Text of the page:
At the beginning of 1999, Calvary had twenty members and an average
attendance on Sunday of up to thirty-five. In his first month as pastor, Brother Paul
introduced the Biblical Mennonite Alliance. The congregation voted to apply to the
Alliance for membership and subsequently joined in February as one of the charter
congregations. Congregational involvement in the life and ministries of BMA has been
significant over the years. A number of members have served on various boards and
committees of BMA. The congregation has hosted the annual Alliance convention in
2000, 2005, and 2012.
 
Under the vision and leadership of Brother Paul, Calvary went through a
significant phase of growth beginning in 1999. She assisted in starting several
churches; Heritage Mennonite Church, Millbank, Ontario, Blue Ridge Christian
Fellowship, Radiant Virginia; Believer’s Fellowship, Waynesboro, Virginia; New Hope
Mennonite, Upper Strasburg, Pennsylvania; and Grace Haven Mennonite, Lemasters,
Pennsylvania. The Calvary men drew up the following congregational Mission
Statement:
 
“We are a caring community of faith in full dependence on the Holy Spirit -
committed to glorifying God, magnifying Christ, sharing the Good News with all
people and edifying our fellow pilgrims - through the exposition of and obedience
to God’s sufficient written Word.”
 
For the first ten years Calvary had rented facilities at Eastern Mennonite
Seminary for their services. By mid 2000, the congregation was looking for a more
permanent location. When the old public school at Mount Clinton was to be sold,
Calvary offered a sealed bid which was accepted. Their new home was occupied the
beginning of January, 2001. Part of the facility was remodeled for use as a sanctuary;
the older part became a home for Calvary Christian Academy opening with thirty-seven
students in August, 2001.
 
The congregation was steadily growing so that by the end of 2004 the average
Sunday morning attendance was nearing 170. Such growth called for additional
leadership in the ministry team. In 2000 Jerry Bentz and Larry Wilkins were licensed as
deacons and the following year they were ordained. During 2001 ongoing discussions
were held concerning the need for additional pastoral leadership. In a selection process
that fall and again in 2003 no candidate received sufficient support for selection. In
2004, after a day of prayer and fasting, the congregation selected two candidates,
Linford Berry and Stephen Byler. Both were licensed as ministers that fall and were
subsequently ordained in October, 2005. More recently Jason Beachy was licensed
and then ordained in 2012 as an additional deacon. James Groff was selected to serve
as an associate pastor and was ordained in 2013 after a year of licensure.
 
Since 2006 Calvary families have met in 5-7 small “discipleship groups” twice a
month for strengthening relationships within the congregation. These groups typically
meet in a home and include a time of food, sharing, book study, and prayer.
Under the auspices of Calvary's Board of Education, the Shenandoah Christian
Music Camp was birthed in June, 2006 as a one-week concentration on music literacy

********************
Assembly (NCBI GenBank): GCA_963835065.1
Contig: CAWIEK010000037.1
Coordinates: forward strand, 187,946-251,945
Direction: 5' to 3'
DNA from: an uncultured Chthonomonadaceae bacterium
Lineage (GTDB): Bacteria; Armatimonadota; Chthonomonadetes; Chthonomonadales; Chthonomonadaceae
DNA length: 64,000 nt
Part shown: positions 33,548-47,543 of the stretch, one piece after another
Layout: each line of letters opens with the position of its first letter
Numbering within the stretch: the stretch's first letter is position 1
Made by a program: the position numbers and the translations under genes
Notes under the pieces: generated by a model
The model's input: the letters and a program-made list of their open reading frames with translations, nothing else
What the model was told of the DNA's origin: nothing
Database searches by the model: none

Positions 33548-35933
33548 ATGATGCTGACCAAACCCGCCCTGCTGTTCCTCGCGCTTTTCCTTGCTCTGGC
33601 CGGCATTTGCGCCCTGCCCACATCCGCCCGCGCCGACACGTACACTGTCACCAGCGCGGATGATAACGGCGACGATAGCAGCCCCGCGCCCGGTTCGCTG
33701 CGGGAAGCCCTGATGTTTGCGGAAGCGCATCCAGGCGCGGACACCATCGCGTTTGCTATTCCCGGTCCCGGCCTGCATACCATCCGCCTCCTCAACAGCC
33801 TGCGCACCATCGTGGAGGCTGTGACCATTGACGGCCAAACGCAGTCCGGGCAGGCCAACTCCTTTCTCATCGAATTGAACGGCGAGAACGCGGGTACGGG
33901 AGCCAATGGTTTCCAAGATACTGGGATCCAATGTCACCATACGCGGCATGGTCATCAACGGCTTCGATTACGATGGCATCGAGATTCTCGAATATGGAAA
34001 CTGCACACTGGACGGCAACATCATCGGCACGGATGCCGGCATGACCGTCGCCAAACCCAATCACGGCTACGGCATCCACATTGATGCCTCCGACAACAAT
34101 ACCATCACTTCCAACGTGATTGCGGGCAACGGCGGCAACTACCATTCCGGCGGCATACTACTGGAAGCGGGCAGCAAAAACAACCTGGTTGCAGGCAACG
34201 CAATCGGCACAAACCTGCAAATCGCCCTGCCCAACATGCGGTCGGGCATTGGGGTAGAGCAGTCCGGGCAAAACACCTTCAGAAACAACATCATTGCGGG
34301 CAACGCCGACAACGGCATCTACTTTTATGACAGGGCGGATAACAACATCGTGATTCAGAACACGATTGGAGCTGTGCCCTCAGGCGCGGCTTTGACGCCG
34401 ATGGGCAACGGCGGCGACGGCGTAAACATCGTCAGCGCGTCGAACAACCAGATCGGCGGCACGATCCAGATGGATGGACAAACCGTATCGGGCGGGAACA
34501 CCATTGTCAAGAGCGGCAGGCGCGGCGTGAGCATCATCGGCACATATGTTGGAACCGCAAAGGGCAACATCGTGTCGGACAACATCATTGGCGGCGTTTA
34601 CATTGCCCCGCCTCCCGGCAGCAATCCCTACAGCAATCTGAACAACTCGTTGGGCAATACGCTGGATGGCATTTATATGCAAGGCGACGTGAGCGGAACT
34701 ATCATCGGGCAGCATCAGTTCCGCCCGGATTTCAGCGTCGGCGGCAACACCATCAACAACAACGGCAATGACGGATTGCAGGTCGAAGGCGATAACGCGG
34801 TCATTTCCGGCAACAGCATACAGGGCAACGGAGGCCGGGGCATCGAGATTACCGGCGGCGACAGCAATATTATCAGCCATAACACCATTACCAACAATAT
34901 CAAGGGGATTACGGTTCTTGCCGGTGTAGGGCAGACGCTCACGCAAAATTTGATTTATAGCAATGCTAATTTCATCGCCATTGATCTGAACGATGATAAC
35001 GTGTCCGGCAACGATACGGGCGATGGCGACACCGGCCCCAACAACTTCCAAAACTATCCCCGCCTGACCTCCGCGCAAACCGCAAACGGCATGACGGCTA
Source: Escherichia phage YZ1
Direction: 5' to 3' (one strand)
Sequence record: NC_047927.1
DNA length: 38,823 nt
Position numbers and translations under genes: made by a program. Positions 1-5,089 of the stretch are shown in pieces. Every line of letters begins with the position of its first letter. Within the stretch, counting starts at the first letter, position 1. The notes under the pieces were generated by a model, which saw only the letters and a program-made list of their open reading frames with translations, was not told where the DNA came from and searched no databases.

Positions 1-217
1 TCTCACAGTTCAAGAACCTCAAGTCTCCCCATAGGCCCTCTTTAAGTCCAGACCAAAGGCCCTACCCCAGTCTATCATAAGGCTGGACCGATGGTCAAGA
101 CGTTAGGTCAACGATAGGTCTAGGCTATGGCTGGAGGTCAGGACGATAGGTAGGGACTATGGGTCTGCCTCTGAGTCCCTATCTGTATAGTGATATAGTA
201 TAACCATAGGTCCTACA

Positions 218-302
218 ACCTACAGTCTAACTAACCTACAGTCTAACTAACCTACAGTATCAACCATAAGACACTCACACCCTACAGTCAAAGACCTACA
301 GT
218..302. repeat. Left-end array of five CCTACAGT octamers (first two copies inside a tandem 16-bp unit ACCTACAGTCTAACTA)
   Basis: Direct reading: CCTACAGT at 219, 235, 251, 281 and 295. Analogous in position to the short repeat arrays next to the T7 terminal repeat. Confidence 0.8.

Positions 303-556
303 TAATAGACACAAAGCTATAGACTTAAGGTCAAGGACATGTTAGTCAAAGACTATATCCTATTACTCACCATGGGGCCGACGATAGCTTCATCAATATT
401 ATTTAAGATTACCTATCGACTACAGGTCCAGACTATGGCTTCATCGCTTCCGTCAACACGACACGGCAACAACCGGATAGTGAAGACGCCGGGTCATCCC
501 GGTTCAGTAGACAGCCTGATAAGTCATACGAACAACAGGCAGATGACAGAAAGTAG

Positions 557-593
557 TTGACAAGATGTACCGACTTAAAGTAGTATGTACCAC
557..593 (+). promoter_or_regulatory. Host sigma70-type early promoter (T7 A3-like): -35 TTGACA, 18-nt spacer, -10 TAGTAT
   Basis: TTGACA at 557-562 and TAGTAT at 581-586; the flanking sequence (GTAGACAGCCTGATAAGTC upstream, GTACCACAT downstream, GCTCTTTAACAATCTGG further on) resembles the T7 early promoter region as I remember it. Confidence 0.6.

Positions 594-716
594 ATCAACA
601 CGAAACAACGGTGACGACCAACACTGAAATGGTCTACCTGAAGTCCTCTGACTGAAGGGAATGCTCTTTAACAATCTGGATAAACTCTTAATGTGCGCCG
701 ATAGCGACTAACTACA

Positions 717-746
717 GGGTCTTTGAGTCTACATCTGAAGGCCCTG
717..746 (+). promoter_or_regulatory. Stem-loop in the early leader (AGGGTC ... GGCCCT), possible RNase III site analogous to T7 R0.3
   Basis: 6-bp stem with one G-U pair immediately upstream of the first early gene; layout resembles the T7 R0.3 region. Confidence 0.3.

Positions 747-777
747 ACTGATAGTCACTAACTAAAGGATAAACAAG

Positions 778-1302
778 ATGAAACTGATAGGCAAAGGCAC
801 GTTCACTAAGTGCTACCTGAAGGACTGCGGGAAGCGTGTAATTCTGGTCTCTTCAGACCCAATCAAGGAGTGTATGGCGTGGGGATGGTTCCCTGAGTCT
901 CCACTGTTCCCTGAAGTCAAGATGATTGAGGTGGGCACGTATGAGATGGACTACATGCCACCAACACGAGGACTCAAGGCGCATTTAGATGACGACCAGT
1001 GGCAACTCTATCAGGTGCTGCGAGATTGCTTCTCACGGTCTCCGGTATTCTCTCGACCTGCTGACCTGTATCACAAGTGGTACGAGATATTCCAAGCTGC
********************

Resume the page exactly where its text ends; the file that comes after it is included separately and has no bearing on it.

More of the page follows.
and leadership in a cappella singing. Hosted at Calvary the annual camp attracts
students and faculty from across the United States and Canada.
 
Beginning in the fall of 2010 the congregation initiated a more deliberate focus on
the biblical training of the children in the Sunday School program. An assembly for the
children preceding their Sunday School classes provides systematic teaching of the
Bible, doctrine, songs, and scripture memory. A curriculum is being developed for the
children's classes.
 
In 2012 a second Calvary campus was opened in Staunton, VA, an extension of
the life and witness of the congregation into another city. Calvary pastors preach in the
1:30 PM Sunday service in a rented church to a small group who gather for worship.
 
From its beginning Calvary has had a vision to share the gospel with the
unsaved. Under the leadership and supervision of the Calvary Board of Missions a
variety of opportunities have been opened for members to participate. A weekly ministry
in a local housing development, mostly to children, has been staffed by young adults.
Various short-term missions activities have been supported. Currently, the Calvary
congregation is supporting two young families who are serving in Africa; a young lady
serving in Central America and a couple preparing for work in South East Asia. The
highest goal of the Calvary mission program is to enable Calvary people to take the
gospel of Jesus Christ to the “uttermost part of the world.”

TRANSITIONS

At the end of 2012 another milestone in the life of the Calvary Mennonite
Fellowship was reached. Brother Paul Emerson retired as Senior Pastor and moved to
Elnora, IN to serve as principal of the Elnora Bible Institute, a ministry of Biblical
Mennonite Alliance. Stephen Byler was installed as Senior Pastor. Under Steve's
leadership the congregation is solidifying organizational structure, extending its
ministries, and clarifying its mission.
 
- Information for this document is adapted from A History of Calvary Mennonite Fellowship 1990 -
2010, written by Paul and Gail Emerson.
Copyright ©  2017 Calvary Mennonite Fellowship. All Rights Reserved.